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Curriculum

Clinical Skills and Simulation Center-curriculumThe Center’s controlled environment, simulator technology and capacity for feedback and evaluation builds knowledge and confidence in students by reinforcing skills and concepts in their curricula: patient histories, physical examination techniques, and procedure training. The Center allows the curriculum to become alive in ways the lecture hall does not allow. When students examine Standardized Patients (SP’s), great care is taken to thread core science concepts into the clinical cases. The hands-on experience creates muscle memory for typical procedures enhancing patient safety in clinical practice.  Brain and hand combine into “deliberate practice,” the same process by which professional athletes train: refining skills until they become experts. This cycle of reflective practice—planning, doing, studying, acting—yields optimized diagnostic reasoning and patient care with a sharp reduction of medical errors. In addition to feedback from instructors and SPs, students are asked to watch their interactions on-screen and reflect on areas of strength and improvement. This focus on the patient underlies the humanism at the core of the College curriculum.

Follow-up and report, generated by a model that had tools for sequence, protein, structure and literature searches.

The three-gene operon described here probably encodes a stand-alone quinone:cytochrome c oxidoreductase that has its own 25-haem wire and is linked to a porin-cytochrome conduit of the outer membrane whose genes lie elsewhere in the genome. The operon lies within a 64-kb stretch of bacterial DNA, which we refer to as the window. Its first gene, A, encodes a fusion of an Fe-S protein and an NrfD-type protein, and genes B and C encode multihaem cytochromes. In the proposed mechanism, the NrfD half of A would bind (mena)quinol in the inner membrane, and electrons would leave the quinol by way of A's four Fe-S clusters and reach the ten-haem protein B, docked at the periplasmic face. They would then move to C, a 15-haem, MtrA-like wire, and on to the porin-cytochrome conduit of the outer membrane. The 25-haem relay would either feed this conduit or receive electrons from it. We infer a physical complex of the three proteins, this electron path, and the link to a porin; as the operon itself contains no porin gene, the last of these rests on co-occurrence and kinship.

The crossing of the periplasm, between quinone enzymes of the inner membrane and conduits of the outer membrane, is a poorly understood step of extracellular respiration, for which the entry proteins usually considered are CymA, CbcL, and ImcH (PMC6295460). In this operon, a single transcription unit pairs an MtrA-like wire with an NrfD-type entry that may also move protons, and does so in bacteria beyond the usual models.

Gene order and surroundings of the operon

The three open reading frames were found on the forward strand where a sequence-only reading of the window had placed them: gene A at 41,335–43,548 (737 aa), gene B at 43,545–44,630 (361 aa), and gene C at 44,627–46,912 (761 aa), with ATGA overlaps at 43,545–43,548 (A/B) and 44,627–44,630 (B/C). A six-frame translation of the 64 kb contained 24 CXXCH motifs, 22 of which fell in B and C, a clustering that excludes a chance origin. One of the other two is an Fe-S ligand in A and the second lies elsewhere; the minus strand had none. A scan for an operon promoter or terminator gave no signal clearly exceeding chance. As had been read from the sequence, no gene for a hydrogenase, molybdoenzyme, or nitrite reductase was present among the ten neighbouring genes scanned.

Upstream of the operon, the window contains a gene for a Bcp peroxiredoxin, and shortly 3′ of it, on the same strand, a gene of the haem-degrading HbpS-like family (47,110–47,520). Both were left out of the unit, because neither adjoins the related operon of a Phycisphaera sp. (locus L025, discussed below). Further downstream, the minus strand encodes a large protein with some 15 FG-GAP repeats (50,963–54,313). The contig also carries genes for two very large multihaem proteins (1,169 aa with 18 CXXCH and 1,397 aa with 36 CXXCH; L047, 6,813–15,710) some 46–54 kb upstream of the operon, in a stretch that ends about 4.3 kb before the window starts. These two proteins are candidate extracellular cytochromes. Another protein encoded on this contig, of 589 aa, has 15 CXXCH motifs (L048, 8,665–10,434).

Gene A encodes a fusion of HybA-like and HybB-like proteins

First-year of study: The Clinical Skills and Simulation Center is immersed into the first-year of the curriculum by using trained standardized patients for the introduction of history taking skills, interpersonal communication skills, sensitive topics, physical exam skills, and overall patient assessment. Learned skills are then assessed during graded OSCEs and remediation sessions are incorporated as needed. 

Second-year of study:  During the second year of medical school training, students advance their clinical skills in preparation for clerkship year through activities at the Center both for instruction and assessment.  Students engage in instructional sessions with varied forms of simulation including standardized patients, task trainers, and high fidelity simulators to integrate their learned knowledge and advance their communication skills. 

Third-year of study: Instruction at the Center during third-year clerkships focuses on providing structured opportunities to safely practice core clinical skills and receive specific feedback to apply to their deliberate practice to achieve competence.  The skills include but are not limited to procedures, communication skills, clinical reasoning, and communicating information regarding patients both verbal, and written.

Fourth-year of study: In preparation for graduation, students are provided with opportunities to assess and hone their advanced clinical skills necessary for effective clinical practice.  This is accomplished through robust educational activities such as encounters with standardized patients practicing end of life discussions, procedures and mock code scenarios.